Different businesses have equally different organizational needs and processes. Thanks to modern technology, most of these needs and processes can now be met and streamlined with the help of various online tools and software.
However, purchasing on-premise business software usually entails significant investments–from installation and operation to maintenance. These kinds of software generally require companies to set up their own server hardware. More often than not, their implementation and upkeep also necessitate the expertise of dedicated IT personnel.
While on-premise business solutions give you full implementation control, their steep prices and demanding administration can prove to be limiting, especially for small to medium businesses that operate on restricted resources.
To meet the needs of businesses that hope to leverage technology to enhance their processes, software-as-a-service (SaaS) became a thing. SaaS software is any online solution that users can access via the internet or the cloud. In this post, we’ll take a closer look at what this software distribution model has to offer.
What Is Saas Software and How Does This Model Work?
Software-as-a-Service (SaaS) is a type of software distribution where an online solutions provider creates and hosts business software that clients can access over the internet. In this distribution model, the vendor does not sell a software itself. Instead, they essentially offer the use of the software as a service. The customer can subscribe to the software service package of their choice.
SaaS allows customers to easily and readily utilize the online tool without the need to install it on their devices. Since most SaaS software are primarily cloud or web-based, they are primarily accessible via web browsers. As such, these software are innately minimally demanding in terms of technical resources. Any user who has access to a browser can instantly use a SaaS software. Furthermore, most of today’s SaaS software also come with apps for different desktop and mobile operating systems, enhancing their usability and accessibility.
Also called hosted or on-demand software, SaaS software can be anything from a task and workflow management tool to a centralized communication app. Nowadays, there are SaaS software available for practically all kinds of online business tools. Because of the wide availability and outstanding benefits of SaaS, many companies are inclined to utilize it. In fact, 80% of today’s organizations already use at least one SaaS software.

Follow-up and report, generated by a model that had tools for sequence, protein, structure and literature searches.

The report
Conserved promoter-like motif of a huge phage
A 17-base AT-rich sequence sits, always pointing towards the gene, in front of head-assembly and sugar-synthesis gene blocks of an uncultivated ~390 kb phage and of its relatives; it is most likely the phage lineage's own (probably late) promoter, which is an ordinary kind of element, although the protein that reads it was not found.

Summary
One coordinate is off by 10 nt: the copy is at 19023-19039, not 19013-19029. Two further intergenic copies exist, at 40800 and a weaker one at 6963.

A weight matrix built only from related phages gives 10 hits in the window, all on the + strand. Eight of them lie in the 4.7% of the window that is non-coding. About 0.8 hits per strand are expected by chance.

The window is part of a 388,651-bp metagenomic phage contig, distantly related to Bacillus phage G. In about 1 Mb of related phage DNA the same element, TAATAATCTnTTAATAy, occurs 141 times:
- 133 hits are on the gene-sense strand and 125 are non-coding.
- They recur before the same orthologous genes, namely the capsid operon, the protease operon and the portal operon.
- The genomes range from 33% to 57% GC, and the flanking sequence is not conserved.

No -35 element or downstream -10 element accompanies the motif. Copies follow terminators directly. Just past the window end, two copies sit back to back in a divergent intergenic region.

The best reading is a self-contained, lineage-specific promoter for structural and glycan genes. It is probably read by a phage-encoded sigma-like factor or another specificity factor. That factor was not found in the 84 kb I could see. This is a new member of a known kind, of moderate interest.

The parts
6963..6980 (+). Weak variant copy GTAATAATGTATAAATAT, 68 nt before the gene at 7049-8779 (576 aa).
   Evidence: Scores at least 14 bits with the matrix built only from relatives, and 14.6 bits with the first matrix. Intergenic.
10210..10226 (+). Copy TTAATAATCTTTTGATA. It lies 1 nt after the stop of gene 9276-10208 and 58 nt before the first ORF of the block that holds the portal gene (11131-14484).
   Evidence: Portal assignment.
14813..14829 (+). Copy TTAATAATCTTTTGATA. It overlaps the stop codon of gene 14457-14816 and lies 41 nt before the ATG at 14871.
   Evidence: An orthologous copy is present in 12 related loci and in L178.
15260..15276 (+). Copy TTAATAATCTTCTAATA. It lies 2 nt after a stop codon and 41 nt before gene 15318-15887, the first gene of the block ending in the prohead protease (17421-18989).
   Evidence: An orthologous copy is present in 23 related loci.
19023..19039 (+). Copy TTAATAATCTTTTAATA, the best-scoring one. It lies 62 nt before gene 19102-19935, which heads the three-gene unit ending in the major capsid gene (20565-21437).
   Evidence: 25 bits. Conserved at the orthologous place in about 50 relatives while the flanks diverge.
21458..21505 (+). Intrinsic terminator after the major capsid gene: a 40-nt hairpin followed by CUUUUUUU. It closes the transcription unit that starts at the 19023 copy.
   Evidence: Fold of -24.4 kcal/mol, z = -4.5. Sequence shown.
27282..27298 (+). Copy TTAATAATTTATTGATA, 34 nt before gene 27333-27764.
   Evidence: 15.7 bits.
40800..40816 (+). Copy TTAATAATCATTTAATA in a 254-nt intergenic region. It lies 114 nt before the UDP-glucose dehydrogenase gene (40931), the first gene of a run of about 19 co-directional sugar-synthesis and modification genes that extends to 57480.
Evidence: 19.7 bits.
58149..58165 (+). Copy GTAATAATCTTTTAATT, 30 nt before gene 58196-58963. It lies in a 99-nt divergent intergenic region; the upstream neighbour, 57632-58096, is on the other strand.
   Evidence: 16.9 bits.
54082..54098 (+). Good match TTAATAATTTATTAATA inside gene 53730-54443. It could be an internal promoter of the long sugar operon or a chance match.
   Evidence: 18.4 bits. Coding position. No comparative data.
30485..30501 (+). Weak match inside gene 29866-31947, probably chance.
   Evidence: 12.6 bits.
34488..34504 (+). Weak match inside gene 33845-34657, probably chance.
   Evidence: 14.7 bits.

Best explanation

List of Best SaaS Software
Here are some of today’s most popular SaaS software from different business software categories:
- monday.com: One of today’s leading web collaboration and workflow management software, monday.com, is ideal for both onsite and remote teams who need to streamline project and task management. monday.com automates routine work, including task tracking and progress reporting. It provides teams with a neat and well-organized platform for assigning, monitoring, and collaborating on tasks. monday.com also supports integration with other systems. As a SaaS program, it is accessible through the web-based browser app. It also comes with Windows, Mac, iOS, and Android apps.
- HubSpot Sales: This is the feature-packed sales software from one of the leading SaaS providers today, HubSpot. As an ecommerce system, it automates the sales process, helping businesses sell more within a shorter time. This SaaS software is highly customizable, so you can easily configure it according to your team’s needs. What’s more, it can be set up even without coding skills. HubSpot Sales is compatible with all of today’s primary desktop and mobile operating systems.
- FreshBooks: An award-winning accounting software, FreshBooks is currently known as one of the top cloud solutions for small to medium businesses. FreshBooks has a robust set of features that customers can get through flexible pricing plans. It turns innately complex financial steps into easy and enjoyable processes. FreshBooks also allows users to create personalized yet professionalized invoices. Additionally, it can be used to automate tasks, such as expenses and time tracking, as well as client follow-ups. Aside from the browser-based app, it also has apps for Windows, Mac, Android, and iOS devices.
- Time Doctor: A precise SaaS software for tracking work and company time, Time Doctor is most ideal for distributed teams. However, managers of in-office staff can also find it a valuable online tool to further enhance their team’s productivity. Time Doctor effectively gathers work and productivity data, including the number of hours an employee has worked and which tasks they’ve spent those hours on. These data are presented in such a way that you can get the information you need in just one look. Time Doctor supports time tracking through both a computer or a mobile device.
- NetSuite CRM: A powerful customer relationship management (CRM) solution, NetSuite CRM gives businesses a 360-degree look at their clientele’s data and behavior throughout their business engagement. With NetSuite CRM’s functionalities, businesses can analyze customer data, which can, in turn, allow them to come up with better offers and services. NetSuite CRM also lets companies manage and maintain their relationship with clients from proposal to after-sales support.
- BambooHR: This award-winning human resources software provides companies with an end-to-end solution for efficient and streamlined workforce management. Designed for SMBs, BambooHR is a user-friendly software that helps companies track and manage all aspects of their people’s employment. Furthermore, it also facilitates applicant tracking and onboarding. It assists HR personnel in managing employee benefits and performance evaluation.
- Zendesk: An all-in-one help desk platform; this call center software has the tools necessary to help your customer support team become agents of client satisfaction, customer retention, and lead generation. Businesses can enjoy this software through any of the flexible pricing plans. As such, Zendesk is highly scalable. It also allows users to set up a call center hub that combines web and mobile messaging. In all, this comprehensive helpdesk solution does a lot more than just ticketing.